There are undoubted concerns after the Pan-American Games of 2007 that the Olympics will be beset with allegations of corruption and wasted expenditure.  I have little doubt that there will be some of this, but what major project anywhere in the world doesn’t suffer similar problems (I’m sure Londoners would concur). I hope the various governmental authorities have learnt from the Pan-American Games and find ways to minimise this.  There is a deep-set belief among Brazilians that corruption is ever-present.  I think that this is in part due to history and in part represents the current behaviour of some politicians and companies.  It won’t be easy to convince them otherwise but, with openness and changed policies, maybe this perception can be gradually changed.
Another concern is Rio being left with “White Elephants” that are little used by the citizens.  I think if Rio/Brazil can use the games to tap into the potential sporting prowess of a growing population (not just for football/soccer), then this infrastructure will be used. However, it needs to be made available to all sections of society, hence it needs to be cheap to use.
Lastly, there are concerns that the money could be better spent on healthcare, education, housing and other important social issues.  This is more difficult to answer.  There is progress being made on these fronts, albeit slowly.  The problems in Brazil’s big cities are not trivial and there is no quick easy answer, but if the funding for the Olympics improves housing and educations and does something to improve the quality of life of the favela’s (slum’s) inhabitants in Rio de Janeiro, there will be long-term benefits there and, hopefully, elsewhere.  There is no doubt that crime is a serious concern and something which will need to be resolved prior to the Olympics in order to reassure the influx of tourists.
My personal opinion is that the Games represent a huge opportunity for Brazil to be recognised for what it is:

  • A huge country with enormous economic and touristic potential
  • A country with beautiful warm open people, stunning beaches and diverse cultures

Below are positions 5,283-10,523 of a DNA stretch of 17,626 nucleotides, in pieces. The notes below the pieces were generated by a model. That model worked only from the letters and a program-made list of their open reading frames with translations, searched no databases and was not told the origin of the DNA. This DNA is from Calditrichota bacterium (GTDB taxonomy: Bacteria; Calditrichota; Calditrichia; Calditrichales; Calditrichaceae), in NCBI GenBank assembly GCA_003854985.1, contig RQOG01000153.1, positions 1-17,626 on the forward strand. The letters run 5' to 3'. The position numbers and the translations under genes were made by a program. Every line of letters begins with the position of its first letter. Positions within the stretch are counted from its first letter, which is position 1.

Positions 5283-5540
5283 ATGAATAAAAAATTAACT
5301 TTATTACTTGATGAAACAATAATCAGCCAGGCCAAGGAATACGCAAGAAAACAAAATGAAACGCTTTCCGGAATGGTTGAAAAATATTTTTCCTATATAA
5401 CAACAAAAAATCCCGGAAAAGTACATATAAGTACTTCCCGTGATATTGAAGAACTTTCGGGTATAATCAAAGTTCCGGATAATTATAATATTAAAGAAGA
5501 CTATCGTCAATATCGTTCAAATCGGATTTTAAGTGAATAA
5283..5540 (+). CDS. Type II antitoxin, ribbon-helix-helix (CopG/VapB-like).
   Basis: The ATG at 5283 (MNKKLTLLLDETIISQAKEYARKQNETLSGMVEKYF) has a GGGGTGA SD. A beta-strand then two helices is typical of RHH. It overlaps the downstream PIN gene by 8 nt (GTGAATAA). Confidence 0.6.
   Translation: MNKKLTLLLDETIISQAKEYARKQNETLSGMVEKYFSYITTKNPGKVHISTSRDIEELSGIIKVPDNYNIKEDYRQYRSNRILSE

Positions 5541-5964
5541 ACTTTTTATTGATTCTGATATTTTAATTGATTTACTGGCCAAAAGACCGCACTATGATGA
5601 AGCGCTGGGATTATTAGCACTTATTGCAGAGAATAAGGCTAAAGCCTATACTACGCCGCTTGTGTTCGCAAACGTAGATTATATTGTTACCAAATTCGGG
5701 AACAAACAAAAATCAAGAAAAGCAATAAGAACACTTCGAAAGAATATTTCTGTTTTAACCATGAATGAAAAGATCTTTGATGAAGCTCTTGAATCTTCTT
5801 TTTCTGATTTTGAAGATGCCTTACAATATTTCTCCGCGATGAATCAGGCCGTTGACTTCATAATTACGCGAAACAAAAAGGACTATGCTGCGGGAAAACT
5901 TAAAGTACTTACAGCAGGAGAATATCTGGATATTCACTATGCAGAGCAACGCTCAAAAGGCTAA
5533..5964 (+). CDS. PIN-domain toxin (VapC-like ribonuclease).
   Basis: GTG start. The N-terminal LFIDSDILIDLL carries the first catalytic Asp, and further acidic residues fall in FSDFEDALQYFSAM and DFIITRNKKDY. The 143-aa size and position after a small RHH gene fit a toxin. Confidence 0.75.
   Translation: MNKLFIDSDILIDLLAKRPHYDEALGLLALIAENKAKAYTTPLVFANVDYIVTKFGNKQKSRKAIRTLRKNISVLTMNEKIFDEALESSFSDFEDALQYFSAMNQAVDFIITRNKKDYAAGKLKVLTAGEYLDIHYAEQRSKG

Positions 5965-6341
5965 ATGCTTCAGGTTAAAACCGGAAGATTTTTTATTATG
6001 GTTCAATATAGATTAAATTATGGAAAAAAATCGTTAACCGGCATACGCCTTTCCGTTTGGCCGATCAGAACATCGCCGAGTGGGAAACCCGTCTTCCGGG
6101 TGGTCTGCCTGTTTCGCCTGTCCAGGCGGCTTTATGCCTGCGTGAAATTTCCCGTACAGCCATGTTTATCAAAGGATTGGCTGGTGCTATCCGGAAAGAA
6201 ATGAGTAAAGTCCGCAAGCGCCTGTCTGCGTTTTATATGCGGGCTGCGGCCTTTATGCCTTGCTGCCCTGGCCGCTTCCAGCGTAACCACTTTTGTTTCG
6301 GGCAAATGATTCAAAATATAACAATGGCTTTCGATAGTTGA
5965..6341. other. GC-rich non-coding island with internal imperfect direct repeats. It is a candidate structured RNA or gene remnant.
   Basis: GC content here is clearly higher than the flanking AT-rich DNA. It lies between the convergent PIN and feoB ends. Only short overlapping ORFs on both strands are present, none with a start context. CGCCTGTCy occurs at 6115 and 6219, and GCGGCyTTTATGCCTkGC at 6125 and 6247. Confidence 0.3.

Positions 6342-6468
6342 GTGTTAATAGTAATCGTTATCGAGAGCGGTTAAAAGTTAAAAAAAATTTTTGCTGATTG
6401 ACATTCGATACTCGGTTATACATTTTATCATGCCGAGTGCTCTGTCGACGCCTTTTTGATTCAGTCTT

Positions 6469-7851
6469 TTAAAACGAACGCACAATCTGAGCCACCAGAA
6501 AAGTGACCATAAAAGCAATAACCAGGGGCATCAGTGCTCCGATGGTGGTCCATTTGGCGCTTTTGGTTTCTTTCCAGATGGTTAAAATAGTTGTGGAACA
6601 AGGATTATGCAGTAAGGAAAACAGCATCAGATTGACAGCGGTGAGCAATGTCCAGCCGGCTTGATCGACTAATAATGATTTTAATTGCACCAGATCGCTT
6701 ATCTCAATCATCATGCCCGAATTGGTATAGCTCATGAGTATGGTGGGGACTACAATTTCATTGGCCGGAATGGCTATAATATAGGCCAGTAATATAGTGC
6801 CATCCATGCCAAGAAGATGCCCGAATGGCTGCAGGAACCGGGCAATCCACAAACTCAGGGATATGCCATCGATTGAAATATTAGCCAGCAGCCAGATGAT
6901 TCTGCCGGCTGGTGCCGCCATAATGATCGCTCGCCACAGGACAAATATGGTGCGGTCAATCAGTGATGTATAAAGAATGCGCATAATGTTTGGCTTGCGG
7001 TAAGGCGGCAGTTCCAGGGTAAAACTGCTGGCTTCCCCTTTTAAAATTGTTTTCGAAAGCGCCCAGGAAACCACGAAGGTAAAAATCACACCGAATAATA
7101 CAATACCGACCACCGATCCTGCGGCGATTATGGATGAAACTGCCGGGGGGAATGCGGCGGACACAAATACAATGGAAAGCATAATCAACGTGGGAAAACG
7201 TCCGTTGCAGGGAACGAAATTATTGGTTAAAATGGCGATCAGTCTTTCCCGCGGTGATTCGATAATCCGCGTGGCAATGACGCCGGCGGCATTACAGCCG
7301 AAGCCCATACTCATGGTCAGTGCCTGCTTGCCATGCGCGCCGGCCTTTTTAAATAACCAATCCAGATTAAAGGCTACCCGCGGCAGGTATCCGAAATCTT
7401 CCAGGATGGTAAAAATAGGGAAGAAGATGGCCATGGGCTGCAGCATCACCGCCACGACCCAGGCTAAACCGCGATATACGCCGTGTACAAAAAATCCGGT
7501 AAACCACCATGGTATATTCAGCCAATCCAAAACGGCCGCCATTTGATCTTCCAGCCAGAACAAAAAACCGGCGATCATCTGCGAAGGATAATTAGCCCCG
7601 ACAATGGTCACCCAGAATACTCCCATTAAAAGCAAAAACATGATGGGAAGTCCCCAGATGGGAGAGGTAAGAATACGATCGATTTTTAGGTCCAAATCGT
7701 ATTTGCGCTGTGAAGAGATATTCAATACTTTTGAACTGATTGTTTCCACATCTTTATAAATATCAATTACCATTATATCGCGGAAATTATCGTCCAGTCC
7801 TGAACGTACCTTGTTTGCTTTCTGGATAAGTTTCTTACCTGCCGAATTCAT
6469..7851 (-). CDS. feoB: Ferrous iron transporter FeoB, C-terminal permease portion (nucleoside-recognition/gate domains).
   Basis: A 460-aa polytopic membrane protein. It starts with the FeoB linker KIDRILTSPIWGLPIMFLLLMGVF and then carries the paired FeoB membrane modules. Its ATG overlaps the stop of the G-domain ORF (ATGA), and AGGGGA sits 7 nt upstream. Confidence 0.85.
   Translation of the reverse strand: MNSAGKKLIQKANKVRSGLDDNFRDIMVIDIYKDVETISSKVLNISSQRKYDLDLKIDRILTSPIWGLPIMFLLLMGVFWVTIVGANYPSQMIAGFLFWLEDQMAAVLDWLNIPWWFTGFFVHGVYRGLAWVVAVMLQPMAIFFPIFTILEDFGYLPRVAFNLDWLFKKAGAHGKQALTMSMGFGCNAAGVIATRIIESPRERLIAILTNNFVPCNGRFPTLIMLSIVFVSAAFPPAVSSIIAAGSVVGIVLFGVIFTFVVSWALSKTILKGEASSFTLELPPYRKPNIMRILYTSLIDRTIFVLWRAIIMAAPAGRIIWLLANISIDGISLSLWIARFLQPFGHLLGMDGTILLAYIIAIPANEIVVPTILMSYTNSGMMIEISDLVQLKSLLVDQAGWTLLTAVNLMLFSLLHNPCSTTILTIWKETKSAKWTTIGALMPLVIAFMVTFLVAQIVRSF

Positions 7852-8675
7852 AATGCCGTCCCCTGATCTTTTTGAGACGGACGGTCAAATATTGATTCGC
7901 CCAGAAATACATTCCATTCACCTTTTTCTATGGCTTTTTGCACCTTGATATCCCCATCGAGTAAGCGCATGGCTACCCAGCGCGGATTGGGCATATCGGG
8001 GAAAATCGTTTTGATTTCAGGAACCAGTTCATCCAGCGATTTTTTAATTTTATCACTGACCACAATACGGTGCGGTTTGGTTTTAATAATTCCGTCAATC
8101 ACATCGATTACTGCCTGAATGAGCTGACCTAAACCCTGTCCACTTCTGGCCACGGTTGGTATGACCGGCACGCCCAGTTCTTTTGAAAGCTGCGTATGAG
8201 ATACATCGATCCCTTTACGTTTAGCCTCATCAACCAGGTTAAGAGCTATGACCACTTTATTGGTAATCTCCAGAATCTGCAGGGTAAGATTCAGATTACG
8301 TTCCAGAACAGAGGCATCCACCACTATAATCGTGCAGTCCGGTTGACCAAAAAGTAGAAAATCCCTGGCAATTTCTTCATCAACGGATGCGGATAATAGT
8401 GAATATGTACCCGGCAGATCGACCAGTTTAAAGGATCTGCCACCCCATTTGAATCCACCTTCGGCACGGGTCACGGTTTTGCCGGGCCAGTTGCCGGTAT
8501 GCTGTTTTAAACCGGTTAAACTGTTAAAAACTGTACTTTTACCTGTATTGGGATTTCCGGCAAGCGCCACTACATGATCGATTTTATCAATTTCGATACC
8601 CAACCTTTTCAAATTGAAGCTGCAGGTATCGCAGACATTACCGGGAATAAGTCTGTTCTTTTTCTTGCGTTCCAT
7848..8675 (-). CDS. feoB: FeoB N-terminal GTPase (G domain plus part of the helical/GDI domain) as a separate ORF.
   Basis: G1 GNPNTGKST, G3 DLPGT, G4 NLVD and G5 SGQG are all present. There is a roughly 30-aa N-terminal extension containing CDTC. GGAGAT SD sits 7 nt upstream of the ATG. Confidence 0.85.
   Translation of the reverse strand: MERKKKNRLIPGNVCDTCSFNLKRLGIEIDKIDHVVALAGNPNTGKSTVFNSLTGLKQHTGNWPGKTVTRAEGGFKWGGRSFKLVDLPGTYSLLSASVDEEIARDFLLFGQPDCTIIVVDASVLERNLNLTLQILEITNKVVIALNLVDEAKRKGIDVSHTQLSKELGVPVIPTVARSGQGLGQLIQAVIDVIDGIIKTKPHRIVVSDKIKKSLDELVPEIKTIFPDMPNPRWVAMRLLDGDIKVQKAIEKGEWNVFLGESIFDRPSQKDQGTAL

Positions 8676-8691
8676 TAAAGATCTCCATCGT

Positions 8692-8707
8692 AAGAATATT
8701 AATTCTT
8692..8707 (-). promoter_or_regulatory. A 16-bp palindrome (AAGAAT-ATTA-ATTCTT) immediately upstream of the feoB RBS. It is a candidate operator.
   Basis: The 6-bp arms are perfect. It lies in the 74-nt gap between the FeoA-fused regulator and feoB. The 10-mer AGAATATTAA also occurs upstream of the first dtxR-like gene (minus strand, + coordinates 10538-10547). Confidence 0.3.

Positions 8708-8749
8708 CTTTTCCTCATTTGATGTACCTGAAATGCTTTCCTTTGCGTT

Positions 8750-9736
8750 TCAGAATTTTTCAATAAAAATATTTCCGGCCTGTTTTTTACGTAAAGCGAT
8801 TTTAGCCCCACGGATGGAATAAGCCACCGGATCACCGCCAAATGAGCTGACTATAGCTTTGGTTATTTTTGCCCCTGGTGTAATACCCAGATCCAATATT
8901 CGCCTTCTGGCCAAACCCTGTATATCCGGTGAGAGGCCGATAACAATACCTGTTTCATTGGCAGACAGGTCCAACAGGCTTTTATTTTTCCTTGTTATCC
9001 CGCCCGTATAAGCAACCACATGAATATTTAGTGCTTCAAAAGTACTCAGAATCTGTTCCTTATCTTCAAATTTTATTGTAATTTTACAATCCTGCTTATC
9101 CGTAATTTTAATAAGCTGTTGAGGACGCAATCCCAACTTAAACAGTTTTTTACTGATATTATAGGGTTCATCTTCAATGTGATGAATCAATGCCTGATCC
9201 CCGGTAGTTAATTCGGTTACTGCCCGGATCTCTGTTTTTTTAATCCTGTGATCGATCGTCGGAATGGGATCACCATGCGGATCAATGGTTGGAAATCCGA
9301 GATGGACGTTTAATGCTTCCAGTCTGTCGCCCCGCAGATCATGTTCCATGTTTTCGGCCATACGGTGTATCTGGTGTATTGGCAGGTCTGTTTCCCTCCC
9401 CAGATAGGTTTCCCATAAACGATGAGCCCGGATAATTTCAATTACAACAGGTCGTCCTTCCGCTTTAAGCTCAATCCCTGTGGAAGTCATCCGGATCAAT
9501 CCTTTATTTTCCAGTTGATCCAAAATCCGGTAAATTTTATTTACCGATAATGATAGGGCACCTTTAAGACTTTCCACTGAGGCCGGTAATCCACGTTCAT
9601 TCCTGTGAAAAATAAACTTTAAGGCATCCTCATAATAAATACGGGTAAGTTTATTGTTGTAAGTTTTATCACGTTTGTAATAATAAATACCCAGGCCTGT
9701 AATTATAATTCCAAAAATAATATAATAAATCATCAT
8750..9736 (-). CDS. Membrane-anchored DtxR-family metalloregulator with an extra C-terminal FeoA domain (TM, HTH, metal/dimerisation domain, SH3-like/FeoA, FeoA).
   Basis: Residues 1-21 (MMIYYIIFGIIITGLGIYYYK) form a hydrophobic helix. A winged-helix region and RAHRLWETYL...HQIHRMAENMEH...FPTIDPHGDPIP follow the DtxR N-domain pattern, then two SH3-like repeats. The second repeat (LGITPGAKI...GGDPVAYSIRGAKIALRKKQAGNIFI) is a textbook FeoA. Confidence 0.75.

So lets hope that the Olympics are a huge success and bring financial and social rewards to Rio and Brazil as a whole.

Tate Modern: não dá para não ir

Festa abertura – Tate Modern

5 razões por que eu adoro :
1. A sala da turbina impressiona com qualquer instalação
2. A coleção permanente inclui obras dos principais pintores ocidentais do século XX
3. É grátis
4. O bar/restaurante localizado no sétimo andar oferece uma vista maravilhosa do rio Tâmisa e da Catedral St.Paul
5. O Steve participou do projeto de iluminação do prédio na festa de abertura da galeria em 2000

Dica de passeio:
No píer em frente à Tate Modern (Bankside pier), pegue este charmoso barco Tate-to-Tate – cujas bolinhas foram idealizadas pelo artista inglês Damien Hirst – e vá até a galeria Tate Britain apreciando os cartões postais de Londres a partir de uma nova perspectiva. O barco é super confortável e tem uma lanchonete.
O serviço interligando as duas galerias funciona das 10:00 às 17:00 horas, em intervalos de 40 minutos, e o trajeto é percorrido em 20 minutos. O bilhete pode ser adquirido na bilheteria da galeria ou no próprio barco por ₤5,00 (com travelcard ₤3,35).

Da Tate Modern para a Tate Britain

Tate Modern:
Bankside, Londres
Aberta de domingo à quinta-feira de 10:00 às 18:00
Sexta-feira e sábado de 10:00 às 22:00
Para ver outras dicas de Londres, visite nosso novo blogue, Londres para Principiantes.
Estação de metrô mais próxima: Southwark